According to an email from ADNUG’s Peter Griffith, Adelaide’s CodeCampSA 2009 will be held on July 18-19th. As in previous years, it will be at UniSA.
I’ve offered to do a talk about Pex. I wouldn’t be surprised to see WPF guru Nigel popping up on the speaker list, and I’ve encouraged Ben and Timothy to think about whether they’d be interested in speaking too.
I still think having a CodeCampSA website would be a great help for promoting the event too.
Once upon a time, I’d installed the 180-day trial version of SQL Server 2008, and prior to that I’d been running the last CTP.
The expiry time was fast approaching, and I also needed to install the Integration Services components so I figured it might be time to uninstall the trial version and install the proper licensed one instead. The main reason I’d been putting this off was I knew it was going to take a few hours of uninstall/reinstall.
So I uninstalled everything in Add/Remove Programs that looked vaguely related to SQL Server, rebooted, then installed a fresh version….
Only to see “10.0.1600.22 ((SQL_PreRelease).080709-1414 )” in the About box of SQL Server Management Studio.
Hmm.. In desperation I then uninstalled everything vaguely related to Visual Studio 2008, and then tried again…
It was only then that I found this post in which I discovered that no, SQL_PreRelease really means RTM!
Oh well, I guess it means my Visual Studio and SQL installs are fresher, but a bit of a pain nonetheless.
I was seeing this exception being thrown in some code recently:
System.Reflection.TargetParameterCountException: Parameter count mismatch. at System.Reflection.RuntimeMethodInfo.Invoke(Object obj, BindingFlags invokeAttr, Binder binder, Object parameters, CultureInfo culture, Boolean skipVisibilityChecks) at System.Reflection.RuntimeMethodInfo.Invoke(Object obj, BindingFlags invokeAttr, Binder binder, Object parameters, CultureInfo culture) at System.Reflection.RuntimePropertyInfo.GetValue(Object obj, BindingFlags invokeAttr, Binder binder, Object index, CultureInfo culture) at System.Reflection.RuntimePropertyInfo.GetValue(Object obj, Object index) at Castle.Core.ReflectionBasedDictionaryAdapter..ctor(Object target) at Castle.MicroKernel.DefaultKernel.Resolve[T](Object argumentsAsAnonymousType)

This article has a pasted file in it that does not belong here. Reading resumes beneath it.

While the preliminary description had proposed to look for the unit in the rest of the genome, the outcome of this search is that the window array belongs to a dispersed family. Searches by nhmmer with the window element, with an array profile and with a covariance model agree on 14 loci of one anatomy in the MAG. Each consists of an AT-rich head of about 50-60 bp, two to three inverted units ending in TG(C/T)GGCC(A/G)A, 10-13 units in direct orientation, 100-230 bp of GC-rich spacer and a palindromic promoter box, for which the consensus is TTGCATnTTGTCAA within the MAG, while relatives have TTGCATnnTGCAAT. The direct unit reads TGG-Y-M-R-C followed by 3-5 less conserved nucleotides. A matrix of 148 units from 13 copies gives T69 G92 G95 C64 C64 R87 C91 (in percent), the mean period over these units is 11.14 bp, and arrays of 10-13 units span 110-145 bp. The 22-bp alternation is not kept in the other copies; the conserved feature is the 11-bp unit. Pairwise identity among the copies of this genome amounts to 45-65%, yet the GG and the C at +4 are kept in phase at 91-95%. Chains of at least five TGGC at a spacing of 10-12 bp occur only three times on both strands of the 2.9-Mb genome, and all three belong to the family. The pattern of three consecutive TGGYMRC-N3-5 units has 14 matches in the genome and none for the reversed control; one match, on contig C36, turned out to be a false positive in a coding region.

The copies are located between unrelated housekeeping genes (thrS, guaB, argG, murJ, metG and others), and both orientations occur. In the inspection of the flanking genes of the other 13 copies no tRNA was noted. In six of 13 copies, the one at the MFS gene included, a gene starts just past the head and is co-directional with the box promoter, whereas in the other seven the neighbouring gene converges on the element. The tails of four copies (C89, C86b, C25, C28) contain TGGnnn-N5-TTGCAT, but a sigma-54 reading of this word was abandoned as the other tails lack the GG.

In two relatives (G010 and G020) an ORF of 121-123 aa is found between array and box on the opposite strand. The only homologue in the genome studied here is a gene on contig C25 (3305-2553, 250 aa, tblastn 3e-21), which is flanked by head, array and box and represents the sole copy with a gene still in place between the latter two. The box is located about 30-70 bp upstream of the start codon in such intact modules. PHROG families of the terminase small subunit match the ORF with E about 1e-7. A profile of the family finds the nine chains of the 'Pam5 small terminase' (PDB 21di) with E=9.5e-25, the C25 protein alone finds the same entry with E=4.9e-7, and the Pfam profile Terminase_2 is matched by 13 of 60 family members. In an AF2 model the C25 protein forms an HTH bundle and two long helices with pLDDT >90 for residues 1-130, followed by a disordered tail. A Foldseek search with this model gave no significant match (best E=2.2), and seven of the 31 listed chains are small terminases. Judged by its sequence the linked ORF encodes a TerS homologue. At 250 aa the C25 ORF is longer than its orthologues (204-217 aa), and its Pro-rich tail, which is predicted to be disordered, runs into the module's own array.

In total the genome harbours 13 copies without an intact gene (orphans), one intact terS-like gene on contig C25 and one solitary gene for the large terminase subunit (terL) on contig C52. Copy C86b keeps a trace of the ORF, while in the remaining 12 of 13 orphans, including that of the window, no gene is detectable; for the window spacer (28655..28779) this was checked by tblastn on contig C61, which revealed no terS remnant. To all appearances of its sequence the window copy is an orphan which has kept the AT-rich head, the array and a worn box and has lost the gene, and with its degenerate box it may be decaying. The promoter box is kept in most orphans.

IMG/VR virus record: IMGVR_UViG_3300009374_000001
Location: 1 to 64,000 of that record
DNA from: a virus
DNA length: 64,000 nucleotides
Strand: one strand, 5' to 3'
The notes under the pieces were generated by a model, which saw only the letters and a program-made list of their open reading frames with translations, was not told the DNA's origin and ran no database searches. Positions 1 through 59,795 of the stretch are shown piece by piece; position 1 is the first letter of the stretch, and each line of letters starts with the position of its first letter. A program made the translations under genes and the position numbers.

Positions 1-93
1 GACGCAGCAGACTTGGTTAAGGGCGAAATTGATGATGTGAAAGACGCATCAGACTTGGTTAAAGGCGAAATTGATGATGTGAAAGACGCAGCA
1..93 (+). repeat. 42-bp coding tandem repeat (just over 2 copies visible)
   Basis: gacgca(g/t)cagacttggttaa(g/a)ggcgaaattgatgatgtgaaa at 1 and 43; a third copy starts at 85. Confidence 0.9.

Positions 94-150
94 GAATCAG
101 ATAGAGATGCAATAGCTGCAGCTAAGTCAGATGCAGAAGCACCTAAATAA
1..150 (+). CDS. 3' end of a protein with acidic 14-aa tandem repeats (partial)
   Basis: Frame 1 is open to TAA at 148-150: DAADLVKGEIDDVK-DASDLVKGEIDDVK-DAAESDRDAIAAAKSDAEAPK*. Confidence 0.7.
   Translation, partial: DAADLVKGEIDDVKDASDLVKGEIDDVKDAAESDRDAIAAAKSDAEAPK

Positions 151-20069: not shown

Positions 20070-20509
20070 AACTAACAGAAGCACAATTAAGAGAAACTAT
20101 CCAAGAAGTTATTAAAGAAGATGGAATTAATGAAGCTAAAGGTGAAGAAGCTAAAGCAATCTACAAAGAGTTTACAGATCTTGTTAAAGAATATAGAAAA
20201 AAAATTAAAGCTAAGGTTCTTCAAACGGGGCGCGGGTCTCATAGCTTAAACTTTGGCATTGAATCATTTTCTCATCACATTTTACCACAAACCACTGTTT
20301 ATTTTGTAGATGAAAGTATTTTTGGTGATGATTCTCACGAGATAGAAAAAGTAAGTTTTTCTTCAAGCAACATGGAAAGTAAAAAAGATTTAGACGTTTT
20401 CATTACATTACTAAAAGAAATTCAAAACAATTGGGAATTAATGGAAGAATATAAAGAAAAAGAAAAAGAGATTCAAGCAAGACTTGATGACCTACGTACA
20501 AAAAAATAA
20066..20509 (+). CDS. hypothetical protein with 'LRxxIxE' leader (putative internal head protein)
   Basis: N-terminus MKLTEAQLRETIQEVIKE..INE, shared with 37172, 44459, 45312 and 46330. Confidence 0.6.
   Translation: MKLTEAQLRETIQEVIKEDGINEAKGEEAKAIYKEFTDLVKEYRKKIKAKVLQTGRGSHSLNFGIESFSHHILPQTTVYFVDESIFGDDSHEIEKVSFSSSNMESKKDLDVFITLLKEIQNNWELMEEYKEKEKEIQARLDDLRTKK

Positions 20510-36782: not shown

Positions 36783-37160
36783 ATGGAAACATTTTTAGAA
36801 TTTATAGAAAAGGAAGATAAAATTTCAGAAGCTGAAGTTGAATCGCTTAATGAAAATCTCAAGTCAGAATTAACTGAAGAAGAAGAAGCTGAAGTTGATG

The original source line was something like this:
IDictionary<string, object> args = new Dictionary<string, object>(); args.Add( “paramName”, “value” );
( args );
That all looks fine, and let’s assume the Something class has indeed a constructor with a string parameter named ‘paramName’. So why isn’t it working?
I should have noticed the clue in the stack trace, but was sure I had identical code elsewhere that was working correctly, so it had me stumped. It was only after taking a break from the code, then playing around with a very simple test project that I realised that while there is a method Resolve
(IDictionary), that’s not the one that was being called here. Why? Because instead of using [var](http://msdn.microsoft.com/en-us/library/bb383973.aspx), I’d declared the variable to be an [IDictionary](http://msdn.microsoft.com/en-us/library/s4ys34ea.aspx)<string, object> – and surprisingly that interface does not imply you implement [IDictionary](http://msdn.microsoft.com/en-us/library/system.collections.idictionary.aspx) (the non-generic version).
When I went back and checked other instances of the code that were working, sure enough I was using var and because Dictionary<> does implement both IDictionary<> and IDictionary it was working as expected.
 The clue was the type and parameter name for Resolve - “Object argumentsAsAnonymousType” is obviously not the same as IDictionary!